Google CTF 2018 – Web: Translate5 min read

Google CTF 2018 – Web: Translate5 min read

Hey guys,

I decided to spend some time in solving CTF’s. To be honest, this CTF is the second I solved until yet. Recently I read about the Google CTF which may be a good starting point.

Normally the Google CTF is an event which lasts for two days. The best teams will be rewarded. You can read more about on their Blog.

Anyway, without knowing any of the Challenges I started with the ‘Web’ CTF challenges because this is the environment I know the best. The first challenge is named ‘Translate’.

The task for this CTF is to gather the content of the File named ./flag.txt. There’s also a hint in the task description which says that the app is client-side rendered but not in the browser. This hint told me to watch out for a rendering language. It may be a Python-based rendering-engine like Jinja2 or a Javascript framework like Angular, AngularJS or React.

Information Gathering

I downloaded the file, unzipped it and got an HTML named index.html.

[email protected]:[/ctf]: cat index.html


The index.html only redirect the browser to a new location which is Therefore I open Chrome and open the URL.

As you can see the Webapp is a simple translation utility which is able to translate from english to french or vice versa.

But how it works? I checked the debug translations site and noticed that the app is a simple Key-Value database.

I noticed the {{UserQuery}} string in both dictionaries. The double curly braces are used in Jinja2 or Angular. I started the Chrome observer to check the source.

What a luck! There is an unrendered ng-bind declaration which approves Angular. 🙂

It seems like there’s an object named i18n which have a method named word. I guess it is used to translate a word from one language to the other one.

Let’s check a bit more of the web app if we find some other useful information. I opened the add words link and a wild form appeared.

This may be a security issue in combination with a server-rendered user input. I wanted to make sure I understood how the web app work. So I decided to add a new word and check if it will be translated correctly.

As expected my word was translated correctly.

When I entered a new word I noticed the HTTP GET parameters which are passed into the application.

I wondered if the web app also supports a different language than English or French. So I changed lang=fr to lang=de.

Boom! An unhandled error with stack trace.

Error: ENOENT: no such file or directory, open ‘./i18n/de.json’
   at Object.fs.openSync (fs.js:646:18)
at Object.fs.readFileSync (fs.js:551:33)
at Object.load (/usr/local/chall/srcs/restricted_fs.js:24:20)
at app.get (/usr/local/chall/srcs/server.js:175:57)
at Layer.handle [as handle_request
at next (/usr/local/chall/node_modules/express/lib/router/route.js:137:13)
at Route.dispatch     (/usr/local/chall/node_modules/express/lib/router/route.js:112:3)
at Layer.handle [as handle_request]   (/usr/local/chall/node_modules/express/lib/router/layer.js:95:5)
at /usr/local/chall/node_modules/express/lib/router/index.js:281:22
at Function.process_params   (/usr/local/chall/node_modules/express/lib/router/index.js:335:12)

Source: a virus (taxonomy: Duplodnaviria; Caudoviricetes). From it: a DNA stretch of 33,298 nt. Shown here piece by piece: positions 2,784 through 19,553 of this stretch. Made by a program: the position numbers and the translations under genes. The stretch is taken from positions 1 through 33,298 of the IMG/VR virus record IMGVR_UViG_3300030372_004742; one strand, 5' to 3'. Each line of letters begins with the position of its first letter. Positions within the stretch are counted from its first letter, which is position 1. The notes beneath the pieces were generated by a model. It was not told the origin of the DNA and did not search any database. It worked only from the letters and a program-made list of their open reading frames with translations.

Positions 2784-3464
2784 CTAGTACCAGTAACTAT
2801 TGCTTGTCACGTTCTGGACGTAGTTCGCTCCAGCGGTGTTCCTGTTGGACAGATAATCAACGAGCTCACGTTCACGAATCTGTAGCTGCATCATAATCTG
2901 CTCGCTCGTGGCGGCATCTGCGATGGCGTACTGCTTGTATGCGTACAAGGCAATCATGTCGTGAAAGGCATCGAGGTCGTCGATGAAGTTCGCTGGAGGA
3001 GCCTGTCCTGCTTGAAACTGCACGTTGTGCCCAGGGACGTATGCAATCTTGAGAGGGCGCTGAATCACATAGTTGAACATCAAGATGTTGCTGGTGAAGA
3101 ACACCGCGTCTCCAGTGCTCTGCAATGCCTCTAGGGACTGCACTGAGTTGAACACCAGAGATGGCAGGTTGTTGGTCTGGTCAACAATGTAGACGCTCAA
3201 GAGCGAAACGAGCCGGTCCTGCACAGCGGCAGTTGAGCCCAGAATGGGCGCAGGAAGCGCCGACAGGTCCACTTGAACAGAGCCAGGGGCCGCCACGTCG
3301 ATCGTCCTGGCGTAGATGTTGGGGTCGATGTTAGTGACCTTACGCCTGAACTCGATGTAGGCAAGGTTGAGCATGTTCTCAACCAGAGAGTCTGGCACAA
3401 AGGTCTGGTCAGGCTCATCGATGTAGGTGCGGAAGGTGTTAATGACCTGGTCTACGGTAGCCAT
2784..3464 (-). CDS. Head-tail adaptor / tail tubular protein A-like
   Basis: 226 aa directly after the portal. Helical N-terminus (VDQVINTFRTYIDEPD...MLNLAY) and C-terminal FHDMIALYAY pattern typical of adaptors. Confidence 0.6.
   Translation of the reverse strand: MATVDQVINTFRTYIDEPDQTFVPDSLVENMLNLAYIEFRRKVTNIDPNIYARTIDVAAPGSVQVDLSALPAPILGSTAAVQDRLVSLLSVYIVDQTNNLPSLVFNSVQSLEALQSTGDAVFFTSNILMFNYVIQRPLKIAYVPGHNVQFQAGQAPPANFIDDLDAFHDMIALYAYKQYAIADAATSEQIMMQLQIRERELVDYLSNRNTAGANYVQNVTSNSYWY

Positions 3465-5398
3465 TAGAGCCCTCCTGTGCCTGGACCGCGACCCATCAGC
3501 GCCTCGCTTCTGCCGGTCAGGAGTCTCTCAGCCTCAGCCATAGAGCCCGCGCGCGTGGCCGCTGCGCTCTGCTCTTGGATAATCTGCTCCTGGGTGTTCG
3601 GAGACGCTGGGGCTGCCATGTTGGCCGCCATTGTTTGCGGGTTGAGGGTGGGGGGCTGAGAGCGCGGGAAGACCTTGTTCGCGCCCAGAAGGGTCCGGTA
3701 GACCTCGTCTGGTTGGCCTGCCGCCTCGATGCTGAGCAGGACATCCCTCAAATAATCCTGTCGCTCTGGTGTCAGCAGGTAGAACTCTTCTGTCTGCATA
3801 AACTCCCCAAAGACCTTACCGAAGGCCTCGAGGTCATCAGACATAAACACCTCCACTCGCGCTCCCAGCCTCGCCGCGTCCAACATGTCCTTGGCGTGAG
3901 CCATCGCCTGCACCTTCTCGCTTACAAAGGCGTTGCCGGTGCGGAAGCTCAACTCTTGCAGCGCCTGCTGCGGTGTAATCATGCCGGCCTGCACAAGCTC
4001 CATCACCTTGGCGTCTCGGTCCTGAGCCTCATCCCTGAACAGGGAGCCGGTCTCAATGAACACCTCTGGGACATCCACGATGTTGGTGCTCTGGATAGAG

It seems like the translations are saved on the server side in ./i18n/(fr|en).json.


Now I tried to figure out if I’m able to execute the template on the server side. I already discovered that i18n is the object which I need to exploit.

So I added a new word hackme with the value {{ i18n.word(“moi”) }}.

Checking the word results in a plain string.

Anyway, I remembered the string which rendered into the website. It simply replaced the {{userQuery}} with the translated word I entered before. So I went back to the translation dump copied the key of the string which contains the curly braces (in_lang_query_is_spelled).

I changed the value of in_lang_query_is_spelled to {{ i18n.word(“moi”) }} and checked the output of translate which is already defined.

To my surprise, the template injection did the job.

Since I know the i18n is an object and it’s also in scope I tried to figure out which methods it has.

Let us try if we are able to iterate through the object. I changed the key in_lang_query_is_spelled to <p *ngFor=”let child of this.i18n”>{{ child }}</p>. But this command returns simply nothing. So I read through the AngularJS documentation to figure out how it works there. Accordingly I changed in_lang_query_is_spelled to <p ng-repeat=”child in this.i18n”>{{ child }}</p>. Awesome! I got the available methods.

I noticed there is a seconds method available called forTemplate(t). I guess the function may be template because it’s the same for myI18n.forSingleWord(w) and word.

With the latest knowledge I changed in_lang_query_is_spelled to {{ this.i18n.template(“fr.json”) }} which results in an error.

I noticed the path which is ./fr.json. As I told you at the beginning we’re looking for a file named ./flag.txt. And again I changed in_lang_query_is_spelled to {{ this.i18n.template(“./flag.txt”) }} and opened

Look, the flag smiles at me.



I hope you enjoyed my adventure through this CTF. If you know a better way to find the flag, leave a comment. 🙂

See you soon.


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Marvyn Zalewski

Marvyn Zalewski

Marvyn is a nerdy guy which is into Linux and everything connected to it. He also loves to automate his home and build up a home lab which includes e.G. a custom steam machine and backup automation.
He loves to hear EDM music and try to become a
gin enthusiast.
Marvyn Zalewski

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